The good thing is that we also make new friends, we meet people who open doors for us, who are kind to us. They offer us friendship and understanding, and they try to help us not to feel like strangers. To feel at home. How nice it is to feel that school is a second home. This is not only important for you, but also for your families. School then ends up being one big family. One where, together with our mothers and fathers, our grandparents, our teachers and friends, we learn to help one another, to share our good qualities, to give the best of ourselves, to work as a team and to pursue our dreams.
Very near here is a very important street named after a man who did a lot for other people. I want to talk a little bit about him. He was the Reverend Martin Luther King. One day he said, “I have a dream”. His dream was that many children, many people could have equal opportunities. His dream was that many children like you could get an education. It is beautiful to have dreams and to be able to fight for them.
Today we want to keep dreaming. We celebrate all …
Posted 9/28/15 01:28 PM | Comments (0)
Fr. Thomas Rosica released the following text from Pope Francis' address to the Meeting for Religious Liberty. The pope spoke from the Gettysburg Lectern, used by President Abraham Lincoln at Gettysburg Nov. 19, 1863.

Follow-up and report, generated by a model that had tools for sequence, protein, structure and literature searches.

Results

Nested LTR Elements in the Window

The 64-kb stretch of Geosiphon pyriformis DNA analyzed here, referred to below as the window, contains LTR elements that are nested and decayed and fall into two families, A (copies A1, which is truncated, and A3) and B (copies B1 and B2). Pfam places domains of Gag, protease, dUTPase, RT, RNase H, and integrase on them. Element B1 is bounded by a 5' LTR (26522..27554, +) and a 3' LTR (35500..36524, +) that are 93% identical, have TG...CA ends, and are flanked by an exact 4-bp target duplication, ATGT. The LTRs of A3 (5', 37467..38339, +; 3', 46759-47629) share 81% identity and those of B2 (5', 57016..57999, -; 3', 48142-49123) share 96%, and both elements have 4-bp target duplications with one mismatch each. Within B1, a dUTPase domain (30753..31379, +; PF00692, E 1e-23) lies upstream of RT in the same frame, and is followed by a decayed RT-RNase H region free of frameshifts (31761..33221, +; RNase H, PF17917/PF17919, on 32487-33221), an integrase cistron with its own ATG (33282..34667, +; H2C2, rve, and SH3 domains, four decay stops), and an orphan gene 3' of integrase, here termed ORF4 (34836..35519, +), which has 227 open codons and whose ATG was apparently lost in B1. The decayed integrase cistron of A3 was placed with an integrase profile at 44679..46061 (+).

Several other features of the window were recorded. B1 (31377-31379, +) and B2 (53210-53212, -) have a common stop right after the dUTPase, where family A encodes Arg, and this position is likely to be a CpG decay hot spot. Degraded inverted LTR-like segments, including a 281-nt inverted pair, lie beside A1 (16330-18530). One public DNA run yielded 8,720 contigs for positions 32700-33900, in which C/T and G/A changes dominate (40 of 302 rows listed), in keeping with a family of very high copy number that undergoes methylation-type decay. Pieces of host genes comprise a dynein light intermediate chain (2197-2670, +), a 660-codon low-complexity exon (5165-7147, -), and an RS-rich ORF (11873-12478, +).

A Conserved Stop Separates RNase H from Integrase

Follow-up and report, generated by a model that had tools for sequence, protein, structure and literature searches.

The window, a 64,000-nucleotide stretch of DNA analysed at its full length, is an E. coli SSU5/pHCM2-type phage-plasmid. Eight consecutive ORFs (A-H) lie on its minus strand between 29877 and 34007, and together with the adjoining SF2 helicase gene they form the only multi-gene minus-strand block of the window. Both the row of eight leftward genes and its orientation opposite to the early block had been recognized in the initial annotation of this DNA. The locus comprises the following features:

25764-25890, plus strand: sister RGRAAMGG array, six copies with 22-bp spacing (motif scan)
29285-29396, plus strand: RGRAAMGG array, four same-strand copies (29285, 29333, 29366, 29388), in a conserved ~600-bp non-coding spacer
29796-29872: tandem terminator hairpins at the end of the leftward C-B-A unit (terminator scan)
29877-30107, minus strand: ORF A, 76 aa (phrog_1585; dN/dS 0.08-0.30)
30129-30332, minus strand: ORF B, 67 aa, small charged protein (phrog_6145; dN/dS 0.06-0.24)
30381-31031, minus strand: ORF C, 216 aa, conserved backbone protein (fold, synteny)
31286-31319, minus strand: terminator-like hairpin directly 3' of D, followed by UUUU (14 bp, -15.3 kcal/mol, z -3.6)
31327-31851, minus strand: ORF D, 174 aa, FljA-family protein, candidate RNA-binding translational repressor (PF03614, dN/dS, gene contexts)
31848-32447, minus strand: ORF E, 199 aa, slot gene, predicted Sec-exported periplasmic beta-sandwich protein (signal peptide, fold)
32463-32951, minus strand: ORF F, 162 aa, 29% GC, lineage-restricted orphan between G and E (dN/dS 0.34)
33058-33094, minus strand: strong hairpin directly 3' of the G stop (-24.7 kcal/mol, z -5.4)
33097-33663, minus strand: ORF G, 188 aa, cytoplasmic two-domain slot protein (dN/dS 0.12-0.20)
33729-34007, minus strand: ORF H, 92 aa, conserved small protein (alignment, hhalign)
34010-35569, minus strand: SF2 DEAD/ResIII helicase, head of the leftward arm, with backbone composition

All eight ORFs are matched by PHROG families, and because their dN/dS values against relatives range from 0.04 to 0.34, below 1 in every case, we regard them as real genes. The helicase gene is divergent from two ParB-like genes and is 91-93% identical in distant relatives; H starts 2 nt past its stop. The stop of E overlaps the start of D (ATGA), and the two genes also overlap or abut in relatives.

One of the highlights of my visit is to stand here, before Independence Hall, the birthplace of the United States of America. It was here that the freedoms which define this country were first proclaimed. The Declaration of Independence stated that all men and women are created equal, that they are endowed by their Creator with certain inalienable rights, and that governments exist to protect and defend those rights. Those ringing words continue to inspire us today, even as they have inspired peoples throughout the world to fight for the freedom to live in accordance with their dignity.
But history also shows that these or any truths must constantly be reaffirmed, re-appropriated and defended. The history of this nation is also the tale of a constant effort, lasting to our own day, to embody those lofty principles in social and political life. We remember the great struggles which led to the abolition of slavery, the extension of voting rights, the growth of the labor movement, and the gradual effort to eliminate every kind of racism and prejudice directed at successive waves of new Americans. This shows that, when a country is determined to remain true to its founding principles, based on respect for human dignity, it is strengthened and renewed.
All of us benefit from remembering our past. A people which remembers does not repeat past errors; instead, it looks with confidence to the challenges of the present and the future. Remembrance saves a people’s soul from whatever or whoever would attempt to dominate it or use it for their interests. When individuals and communities are guaranteed the effective exercise of their rights, they are not only free to realize their potential, they also contribute to …
Posted 9/28/15 01:28 PM | Comments (0)